Great Plants for Northern Gardens: Day 1— Peonies

PeoniesMany gardeners look forward to November, a time when the northern garden is mostly put to bed and you can relax with a cup of tea and a sense of satisfaction about the season just finished. It’s also a time when your garden from the previous year is fresh in your mind and you can think about which plants you want to grow next year.

Over and over, we hear gardeners say they want reliable plants that perform well in our sometimes unpredictable weather. This November, the staff of the Minnesota State Horticulture Society offers a list of 30 top-performing, super-reliable plants for the northern garden. Many are natives to our area, but not all. We’ve included some trees and shrubs, but the majority of the plants are perennials that will bring color, lush foliage and excitement to your garden.


pink peonyPeonies only bloom for a few weeks, but we would not grow a northern garden without them. Why? First, their variety. Peonies come in three basic types — the herbaceous peonies, which die back each year; the tree peonies, which grow on tree-like trunks; and intersectional peonies, which are a combination of the two. Intersectional peonies will dieback in the fall, but their leaves and blooms are similar to the tree peony types.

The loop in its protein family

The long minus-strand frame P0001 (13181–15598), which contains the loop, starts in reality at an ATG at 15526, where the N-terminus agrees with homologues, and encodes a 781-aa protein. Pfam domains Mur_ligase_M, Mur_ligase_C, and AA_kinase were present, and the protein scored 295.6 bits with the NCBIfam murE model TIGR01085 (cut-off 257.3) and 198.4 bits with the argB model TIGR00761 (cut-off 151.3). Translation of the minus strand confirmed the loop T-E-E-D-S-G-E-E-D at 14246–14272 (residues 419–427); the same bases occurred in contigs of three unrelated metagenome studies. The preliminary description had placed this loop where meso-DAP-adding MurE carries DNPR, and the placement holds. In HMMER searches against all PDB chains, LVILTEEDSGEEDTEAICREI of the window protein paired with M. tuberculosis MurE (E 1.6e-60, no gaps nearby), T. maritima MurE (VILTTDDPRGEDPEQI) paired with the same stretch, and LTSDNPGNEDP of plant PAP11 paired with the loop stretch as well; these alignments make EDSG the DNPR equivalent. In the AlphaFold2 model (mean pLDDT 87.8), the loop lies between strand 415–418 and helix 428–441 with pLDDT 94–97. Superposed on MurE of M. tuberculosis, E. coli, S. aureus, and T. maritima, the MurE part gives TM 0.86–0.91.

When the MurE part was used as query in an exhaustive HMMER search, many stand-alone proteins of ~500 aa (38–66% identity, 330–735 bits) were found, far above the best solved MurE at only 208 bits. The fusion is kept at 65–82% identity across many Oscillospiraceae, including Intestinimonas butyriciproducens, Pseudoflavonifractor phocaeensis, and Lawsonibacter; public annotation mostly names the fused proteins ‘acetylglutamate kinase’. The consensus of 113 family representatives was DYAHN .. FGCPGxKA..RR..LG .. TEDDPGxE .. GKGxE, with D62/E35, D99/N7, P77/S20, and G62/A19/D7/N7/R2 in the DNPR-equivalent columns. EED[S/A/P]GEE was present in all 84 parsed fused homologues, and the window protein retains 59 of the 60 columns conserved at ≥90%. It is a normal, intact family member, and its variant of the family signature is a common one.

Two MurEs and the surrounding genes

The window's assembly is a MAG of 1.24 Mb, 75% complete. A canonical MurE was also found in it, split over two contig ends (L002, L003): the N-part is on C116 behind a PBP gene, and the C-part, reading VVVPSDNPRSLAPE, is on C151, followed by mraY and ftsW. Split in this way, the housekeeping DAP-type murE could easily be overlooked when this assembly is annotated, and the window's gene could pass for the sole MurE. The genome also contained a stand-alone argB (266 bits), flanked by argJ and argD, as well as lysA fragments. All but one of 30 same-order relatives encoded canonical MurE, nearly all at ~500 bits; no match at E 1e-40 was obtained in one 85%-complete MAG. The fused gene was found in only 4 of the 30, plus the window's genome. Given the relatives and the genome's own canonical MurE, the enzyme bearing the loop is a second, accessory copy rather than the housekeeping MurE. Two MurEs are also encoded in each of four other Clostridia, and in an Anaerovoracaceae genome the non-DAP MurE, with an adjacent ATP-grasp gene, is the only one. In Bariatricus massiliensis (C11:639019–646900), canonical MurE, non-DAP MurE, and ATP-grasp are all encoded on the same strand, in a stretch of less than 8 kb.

Tree peony

Tree peony in bloom

All peonies develop the buds for next year’s bloom the previous fall. This happens underground with herbaceous and intersectional peonies.

In addition to their different types, peonies come in a range of colors from deep reds to white, and different flower types from sweet single peonies to the big puffballs, which are called “bomb doubles.”

Peonies need full sun, regular fertilizer or compost applications and well-drained soil. They may have problems with ants or fungal diseases, but most peonies will remain healthy and flower heavily for decades. The peony you plant next spring will almost certainly out-live you.

One last reason we think peonies are a great plant for northern gardens is their history in Minnesota. Not many people realize this, but in the 1920s, Faribault was “The Peony Capital of the World.” Fields surrounding the city were filled with peonies grown for the Brand Peony Farms, which introduced dozens of hardy peonies for Minnesota gardeners. Minnesota is still home to several well-known peony breeders.


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